Waterfall seen from Rocky Mountaineer train. Image: Rocky Mountaineer

Find out more about Rocky Mountaineer‘s spring itineraries and booking here.

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4 Responses to Spring getaway by rail on the iconic Rocky Mountaineer

  1. ChArlene

    Regardless of your experience on Rocky Mountaineer you should be aware that on June 22, 2011 Rocky Mountaineer locked out over 100 dedicated onboard attendants.
    RMR has boasted that they are a 200 million dollar company but refused to give employees a reasonable wage increase after 3 years at the same pay rate.

    The attendant’s years of talent and experience have been substituted for replacement workers – scabs – who have little to no training and little to no practical knowledge. The use of scab labour undermines the right to fair bargaining by the employees.

    Rocky Mountaineer does not want its guests to know about the lock out; if information is provided it is often partial and misleading. Guests are left to face a difficult choice: violate their ethics and cross a union picket line or forfeit the cost of their holiday.

    Complaints regarding substandard service have often been ignored, disregarded, or responses met with great delay before being addressed.

    On two separate occasions Rocky Mountaineer’s actions have been denounced in the Canadian Parliament. Many provincial and municipal politicians have written the Company urging them to return to the bargaining table and end the lock out.

    The company has not returned to the bargaining table since July 7th where they sat for exactly 11 minutes and offered a 2% wage DECREASE. Further, it has begun recruiting for the 2012 train season with no effort made to renew talks.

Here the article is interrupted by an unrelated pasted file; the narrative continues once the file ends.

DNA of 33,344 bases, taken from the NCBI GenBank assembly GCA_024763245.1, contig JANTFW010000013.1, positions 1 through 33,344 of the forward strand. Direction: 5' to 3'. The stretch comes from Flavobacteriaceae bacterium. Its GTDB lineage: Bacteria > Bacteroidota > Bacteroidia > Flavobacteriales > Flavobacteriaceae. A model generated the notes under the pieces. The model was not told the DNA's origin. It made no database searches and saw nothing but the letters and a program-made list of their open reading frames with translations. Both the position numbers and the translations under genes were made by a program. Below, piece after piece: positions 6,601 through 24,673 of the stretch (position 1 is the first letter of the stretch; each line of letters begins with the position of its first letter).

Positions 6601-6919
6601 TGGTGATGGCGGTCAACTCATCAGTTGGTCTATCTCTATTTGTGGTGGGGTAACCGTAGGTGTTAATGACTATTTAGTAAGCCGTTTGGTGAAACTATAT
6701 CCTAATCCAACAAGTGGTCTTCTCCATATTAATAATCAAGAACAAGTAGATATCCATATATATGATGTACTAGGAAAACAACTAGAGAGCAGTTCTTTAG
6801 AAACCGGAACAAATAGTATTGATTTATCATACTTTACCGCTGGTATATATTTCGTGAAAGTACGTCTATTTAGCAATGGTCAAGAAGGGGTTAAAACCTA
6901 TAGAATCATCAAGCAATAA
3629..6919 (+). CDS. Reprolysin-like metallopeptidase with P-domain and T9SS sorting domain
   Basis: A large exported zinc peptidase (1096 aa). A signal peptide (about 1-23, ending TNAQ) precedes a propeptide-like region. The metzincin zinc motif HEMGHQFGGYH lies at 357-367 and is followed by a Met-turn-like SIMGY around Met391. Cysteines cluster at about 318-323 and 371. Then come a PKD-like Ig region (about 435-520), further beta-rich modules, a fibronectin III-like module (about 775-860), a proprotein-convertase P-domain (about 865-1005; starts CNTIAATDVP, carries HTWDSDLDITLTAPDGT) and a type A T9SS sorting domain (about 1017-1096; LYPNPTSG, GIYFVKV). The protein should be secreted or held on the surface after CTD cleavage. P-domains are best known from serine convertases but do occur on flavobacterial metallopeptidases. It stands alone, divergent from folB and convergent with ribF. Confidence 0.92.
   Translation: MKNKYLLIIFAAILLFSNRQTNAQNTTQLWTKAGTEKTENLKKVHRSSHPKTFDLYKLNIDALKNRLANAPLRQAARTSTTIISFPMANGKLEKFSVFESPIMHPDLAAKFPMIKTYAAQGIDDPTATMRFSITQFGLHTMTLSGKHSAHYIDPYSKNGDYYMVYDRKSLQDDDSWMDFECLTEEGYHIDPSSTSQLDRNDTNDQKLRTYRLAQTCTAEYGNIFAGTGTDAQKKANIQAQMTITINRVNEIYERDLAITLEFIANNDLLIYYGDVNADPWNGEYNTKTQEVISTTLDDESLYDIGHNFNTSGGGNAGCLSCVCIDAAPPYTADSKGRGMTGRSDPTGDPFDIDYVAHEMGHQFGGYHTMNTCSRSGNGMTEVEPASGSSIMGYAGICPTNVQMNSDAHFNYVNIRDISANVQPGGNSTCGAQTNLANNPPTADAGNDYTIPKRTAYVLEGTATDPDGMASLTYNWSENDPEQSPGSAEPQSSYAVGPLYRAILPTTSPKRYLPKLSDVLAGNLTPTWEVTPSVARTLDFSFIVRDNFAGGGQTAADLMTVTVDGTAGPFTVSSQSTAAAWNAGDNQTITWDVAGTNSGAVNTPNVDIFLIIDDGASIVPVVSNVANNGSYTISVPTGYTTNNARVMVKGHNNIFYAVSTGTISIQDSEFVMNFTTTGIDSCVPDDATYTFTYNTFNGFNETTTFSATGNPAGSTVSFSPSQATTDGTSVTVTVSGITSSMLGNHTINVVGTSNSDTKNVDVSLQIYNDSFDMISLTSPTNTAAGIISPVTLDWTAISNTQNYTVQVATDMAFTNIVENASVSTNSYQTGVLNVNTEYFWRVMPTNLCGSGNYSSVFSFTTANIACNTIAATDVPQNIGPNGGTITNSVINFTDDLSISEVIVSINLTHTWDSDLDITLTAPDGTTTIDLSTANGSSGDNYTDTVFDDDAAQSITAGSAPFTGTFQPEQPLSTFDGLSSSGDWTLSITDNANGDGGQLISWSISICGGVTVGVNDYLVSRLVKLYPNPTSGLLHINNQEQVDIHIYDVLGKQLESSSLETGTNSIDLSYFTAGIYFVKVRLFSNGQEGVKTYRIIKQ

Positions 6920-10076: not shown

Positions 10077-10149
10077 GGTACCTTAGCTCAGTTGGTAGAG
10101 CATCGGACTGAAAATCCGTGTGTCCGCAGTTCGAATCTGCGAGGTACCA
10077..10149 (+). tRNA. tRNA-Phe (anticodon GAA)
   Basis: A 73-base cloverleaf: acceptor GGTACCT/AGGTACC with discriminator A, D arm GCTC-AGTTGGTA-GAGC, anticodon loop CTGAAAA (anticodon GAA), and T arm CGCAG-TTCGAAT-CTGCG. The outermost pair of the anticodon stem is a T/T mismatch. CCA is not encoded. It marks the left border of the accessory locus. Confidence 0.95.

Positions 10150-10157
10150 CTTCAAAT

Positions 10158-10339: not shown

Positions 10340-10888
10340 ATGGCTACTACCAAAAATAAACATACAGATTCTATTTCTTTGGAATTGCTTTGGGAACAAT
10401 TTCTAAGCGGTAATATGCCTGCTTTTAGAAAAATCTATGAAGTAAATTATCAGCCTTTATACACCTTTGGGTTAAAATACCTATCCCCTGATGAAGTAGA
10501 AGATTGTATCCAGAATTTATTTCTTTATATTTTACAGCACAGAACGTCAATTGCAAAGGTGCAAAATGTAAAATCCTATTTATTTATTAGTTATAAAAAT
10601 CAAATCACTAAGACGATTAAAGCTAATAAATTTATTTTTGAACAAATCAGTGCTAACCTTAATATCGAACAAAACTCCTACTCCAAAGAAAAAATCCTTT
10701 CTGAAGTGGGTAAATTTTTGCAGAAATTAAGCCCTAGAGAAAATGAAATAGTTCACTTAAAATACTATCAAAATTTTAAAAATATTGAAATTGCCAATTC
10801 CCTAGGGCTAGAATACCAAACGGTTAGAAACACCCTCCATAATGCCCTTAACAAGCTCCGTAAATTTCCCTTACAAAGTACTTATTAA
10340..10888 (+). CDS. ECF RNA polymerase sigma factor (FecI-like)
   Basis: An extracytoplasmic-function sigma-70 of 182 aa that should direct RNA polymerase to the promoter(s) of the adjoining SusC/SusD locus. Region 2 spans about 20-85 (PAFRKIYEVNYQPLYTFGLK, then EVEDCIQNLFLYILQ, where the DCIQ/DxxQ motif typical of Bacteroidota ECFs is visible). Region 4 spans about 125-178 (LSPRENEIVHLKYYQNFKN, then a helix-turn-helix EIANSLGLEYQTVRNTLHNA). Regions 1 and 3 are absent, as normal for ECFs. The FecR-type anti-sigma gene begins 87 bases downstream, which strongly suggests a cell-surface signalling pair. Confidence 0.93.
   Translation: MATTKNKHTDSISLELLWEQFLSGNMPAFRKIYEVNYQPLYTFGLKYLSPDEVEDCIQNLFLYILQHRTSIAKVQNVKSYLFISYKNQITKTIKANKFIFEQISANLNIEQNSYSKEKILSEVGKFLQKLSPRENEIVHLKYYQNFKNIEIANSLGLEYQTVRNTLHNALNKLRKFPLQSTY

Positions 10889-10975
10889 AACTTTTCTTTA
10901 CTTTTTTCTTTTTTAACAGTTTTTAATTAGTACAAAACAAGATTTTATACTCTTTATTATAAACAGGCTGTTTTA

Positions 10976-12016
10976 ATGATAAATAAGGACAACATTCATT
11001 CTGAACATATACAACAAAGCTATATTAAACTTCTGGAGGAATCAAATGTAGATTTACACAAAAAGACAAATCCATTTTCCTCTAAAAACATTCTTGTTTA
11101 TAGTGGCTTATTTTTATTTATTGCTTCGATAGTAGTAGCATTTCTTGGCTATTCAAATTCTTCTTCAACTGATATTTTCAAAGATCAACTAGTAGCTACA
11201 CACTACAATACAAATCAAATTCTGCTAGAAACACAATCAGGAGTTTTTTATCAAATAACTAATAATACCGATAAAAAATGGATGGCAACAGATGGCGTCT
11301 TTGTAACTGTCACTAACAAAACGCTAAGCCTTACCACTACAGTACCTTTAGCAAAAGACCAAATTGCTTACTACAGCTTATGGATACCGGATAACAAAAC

I have taken the train and quite enjoyed myself, but part of what made the trip so exceptional was the amazing staff on board. Knowing the difference of how the service should be and what it is now, I would never take the train again, and I would not cross a picket line.

    You can do your part by voicing your displeasure to the company, write to the company, or postpone your trip until the dispute is over.
    For more information go to http://rockymountainlockout.wordpress.com/.

  2. Bryan

    Very true Charlene! I attempted to post many of the points you have brought up but my comment was not published by Inside Vancouver. Perhaps because the truth is “offensive and mean spirited”?

    I am a former tourism worker and heard MANY complaints from colleagues still in the industry about the poor service guests received from the scabs. Common complaints are: slow service, lack of knowledge about the Rockies and tourist sights, poor on-board commentary. Furthermore complaints have been ignored or dismissed.

    The former on-board staff were the people whose service earned Rocky Mountaineer many international accolades. I am personally disgusted by the way management has treated them. I have urged my friends, family, acquaintances, and coworkers to boycott this unethical company.